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man covering his ears in noisy restaurant

A Quiet Place

Baseball Hall of Fame member Yogi Berra once famously said, “It’s so crowded, nobody goes there anymore.” For restaurants, it’s not the crowd but the noise that drives people away.

That’s what Dr. Pasquale Bottalico is trying to mitigate with his research.

Dr. Bottalico, an assistant professor in the department of Speech and Hearing Science in the College of Applied Health Sciences, had his study, “Lombard effect, ambient noise and willingness to spend time and money in a restaurant,” published in The Journal of the Acoustical Society of America in September 2018.

The Lombard effect describes the unconscious attempt speakers make in noisy environments to maintain a level of speech that allows them to be understood. The objective of Dr. Bottalico’s study was to determine the minimum level of noise in a restaurant that initiates the Lombard effect.

Restaurant noise is a common complaint for diners, with some 25 percent saying they consider noise to be the most irritating component of eating out, according to a Zagat survey cited in the study. Using his undergraduate students, Dr. Bottalico simulated a restaurant setting in one of the SHS sound booths.

“We used typical restaurant noise and we changed the level in a random way … from a medium level to a very loud level,” he said.

What Dr. Bottalico found was that subjects reported a disturbance of their speech when noise reached 52.2 A-weighted decibels (dBA) and that vocal effort began to increase at 57.3 dBA. The sound level of speech increased as ambient noise increased. As background noise increased, it triggered a decrease in the willingness to spend time and money in that establishment.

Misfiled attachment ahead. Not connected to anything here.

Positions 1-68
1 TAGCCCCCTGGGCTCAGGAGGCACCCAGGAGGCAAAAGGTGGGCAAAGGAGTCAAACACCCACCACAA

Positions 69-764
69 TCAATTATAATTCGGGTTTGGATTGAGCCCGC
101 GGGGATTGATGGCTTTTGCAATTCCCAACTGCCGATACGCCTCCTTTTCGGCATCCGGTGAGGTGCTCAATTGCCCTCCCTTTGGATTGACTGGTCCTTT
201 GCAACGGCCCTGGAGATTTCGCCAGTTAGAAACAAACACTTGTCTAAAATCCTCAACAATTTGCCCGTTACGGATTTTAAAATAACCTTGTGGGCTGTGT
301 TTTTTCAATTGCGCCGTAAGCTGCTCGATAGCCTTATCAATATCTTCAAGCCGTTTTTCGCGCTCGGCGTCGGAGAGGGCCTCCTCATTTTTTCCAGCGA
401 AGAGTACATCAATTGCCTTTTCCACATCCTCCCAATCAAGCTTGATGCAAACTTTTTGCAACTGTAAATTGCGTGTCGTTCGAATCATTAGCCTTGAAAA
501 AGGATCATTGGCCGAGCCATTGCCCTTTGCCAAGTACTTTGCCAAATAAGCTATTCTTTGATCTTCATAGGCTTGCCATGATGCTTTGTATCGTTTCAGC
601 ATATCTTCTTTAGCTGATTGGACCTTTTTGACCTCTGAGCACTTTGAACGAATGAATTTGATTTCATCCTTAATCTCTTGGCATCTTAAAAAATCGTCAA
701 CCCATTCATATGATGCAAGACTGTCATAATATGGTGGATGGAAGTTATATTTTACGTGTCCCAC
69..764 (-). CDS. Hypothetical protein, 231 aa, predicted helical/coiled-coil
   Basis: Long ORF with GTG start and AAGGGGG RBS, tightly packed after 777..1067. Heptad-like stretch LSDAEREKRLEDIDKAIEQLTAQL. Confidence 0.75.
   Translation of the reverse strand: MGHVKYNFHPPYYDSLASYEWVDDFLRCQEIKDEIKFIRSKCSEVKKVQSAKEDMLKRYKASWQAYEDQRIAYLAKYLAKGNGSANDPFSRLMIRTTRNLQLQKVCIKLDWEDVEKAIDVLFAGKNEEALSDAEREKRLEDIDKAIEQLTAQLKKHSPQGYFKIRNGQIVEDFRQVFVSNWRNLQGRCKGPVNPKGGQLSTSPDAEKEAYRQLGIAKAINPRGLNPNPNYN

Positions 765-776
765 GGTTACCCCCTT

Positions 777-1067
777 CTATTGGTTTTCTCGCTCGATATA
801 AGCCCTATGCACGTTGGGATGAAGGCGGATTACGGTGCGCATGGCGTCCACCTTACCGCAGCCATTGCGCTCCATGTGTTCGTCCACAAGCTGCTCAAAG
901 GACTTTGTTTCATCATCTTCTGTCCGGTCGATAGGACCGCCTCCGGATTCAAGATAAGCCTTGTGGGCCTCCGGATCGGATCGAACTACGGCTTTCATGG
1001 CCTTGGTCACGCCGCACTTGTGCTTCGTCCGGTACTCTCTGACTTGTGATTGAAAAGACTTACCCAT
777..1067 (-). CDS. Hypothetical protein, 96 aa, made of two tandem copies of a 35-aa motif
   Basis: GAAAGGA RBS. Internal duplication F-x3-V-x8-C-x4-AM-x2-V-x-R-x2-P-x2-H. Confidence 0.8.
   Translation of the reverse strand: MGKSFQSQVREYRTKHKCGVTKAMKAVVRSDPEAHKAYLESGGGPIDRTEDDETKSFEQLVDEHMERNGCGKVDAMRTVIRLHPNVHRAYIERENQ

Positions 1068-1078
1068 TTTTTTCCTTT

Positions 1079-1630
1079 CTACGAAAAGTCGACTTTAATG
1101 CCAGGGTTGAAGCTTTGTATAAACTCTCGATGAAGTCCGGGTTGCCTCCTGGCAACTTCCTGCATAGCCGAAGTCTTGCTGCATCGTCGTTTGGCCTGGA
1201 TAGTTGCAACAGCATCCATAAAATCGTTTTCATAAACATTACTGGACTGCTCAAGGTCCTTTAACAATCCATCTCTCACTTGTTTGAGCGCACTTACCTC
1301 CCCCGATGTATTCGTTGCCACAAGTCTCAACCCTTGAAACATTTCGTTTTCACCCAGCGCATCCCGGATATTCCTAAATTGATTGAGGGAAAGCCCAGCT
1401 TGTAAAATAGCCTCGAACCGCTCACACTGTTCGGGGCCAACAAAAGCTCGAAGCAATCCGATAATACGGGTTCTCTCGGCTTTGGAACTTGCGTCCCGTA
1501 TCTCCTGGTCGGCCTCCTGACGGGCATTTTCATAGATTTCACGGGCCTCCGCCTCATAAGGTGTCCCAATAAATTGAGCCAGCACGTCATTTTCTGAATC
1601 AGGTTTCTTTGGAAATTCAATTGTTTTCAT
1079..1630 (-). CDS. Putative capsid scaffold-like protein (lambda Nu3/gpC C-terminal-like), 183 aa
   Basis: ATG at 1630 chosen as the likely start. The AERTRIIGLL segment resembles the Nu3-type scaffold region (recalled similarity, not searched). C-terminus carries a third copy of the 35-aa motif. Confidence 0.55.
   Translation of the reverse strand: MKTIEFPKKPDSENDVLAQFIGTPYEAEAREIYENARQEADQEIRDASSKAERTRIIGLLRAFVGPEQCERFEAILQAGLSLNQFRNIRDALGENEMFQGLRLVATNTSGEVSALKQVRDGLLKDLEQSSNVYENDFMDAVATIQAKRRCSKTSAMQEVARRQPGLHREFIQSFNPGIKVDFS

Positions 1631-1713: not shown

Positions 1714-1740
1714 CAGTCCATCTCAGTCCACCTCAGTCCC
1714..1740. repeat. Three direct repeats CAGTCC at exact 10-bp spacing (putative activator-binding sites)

“After dinner, your throat is sore and you don’t understand why,” he said. “But the Lombard effect is an unconscious effect, so you are not conscious of the fact that you are actually screaming.

“But your voice, your body and your physiology knows that. And I found that this particular effect was never studied in a restaurant and they were not studying it, correlating with the willingness to spend money.”

The Turin, Italy-born professor had done similar studies in the past understanding other aspects of the Lombard effect, including in classrooms, where the object was to construct the perfect learning environment in terms of how sound reverberates from the instructor speaking to the students.

What Dr. Bottalico found was that many classrooms in Europe had much slower reverberation times than in the United States, which led to sounds overlapping and much less clarity of what was being said, thus hampering comprehension by students.

Armed with that data, he was particularly interested in how it translated in other settings, especially after seeing how it dovetailed with restaurants and a declining bottom line.

“I used a similar protocol, but I changed the setting and I changed the noise,” he said.

Dr. Bottalico concluded that restaurants should have ambient noise levels of 50 to 55 dBA – a level much lower than current restaurants.

He said when restaurants eclipse that figure, “it was starting to [indicate] a willingness to leave that place and also to spend less money to eat in that place. It was starting to create a disturbance in the communication.”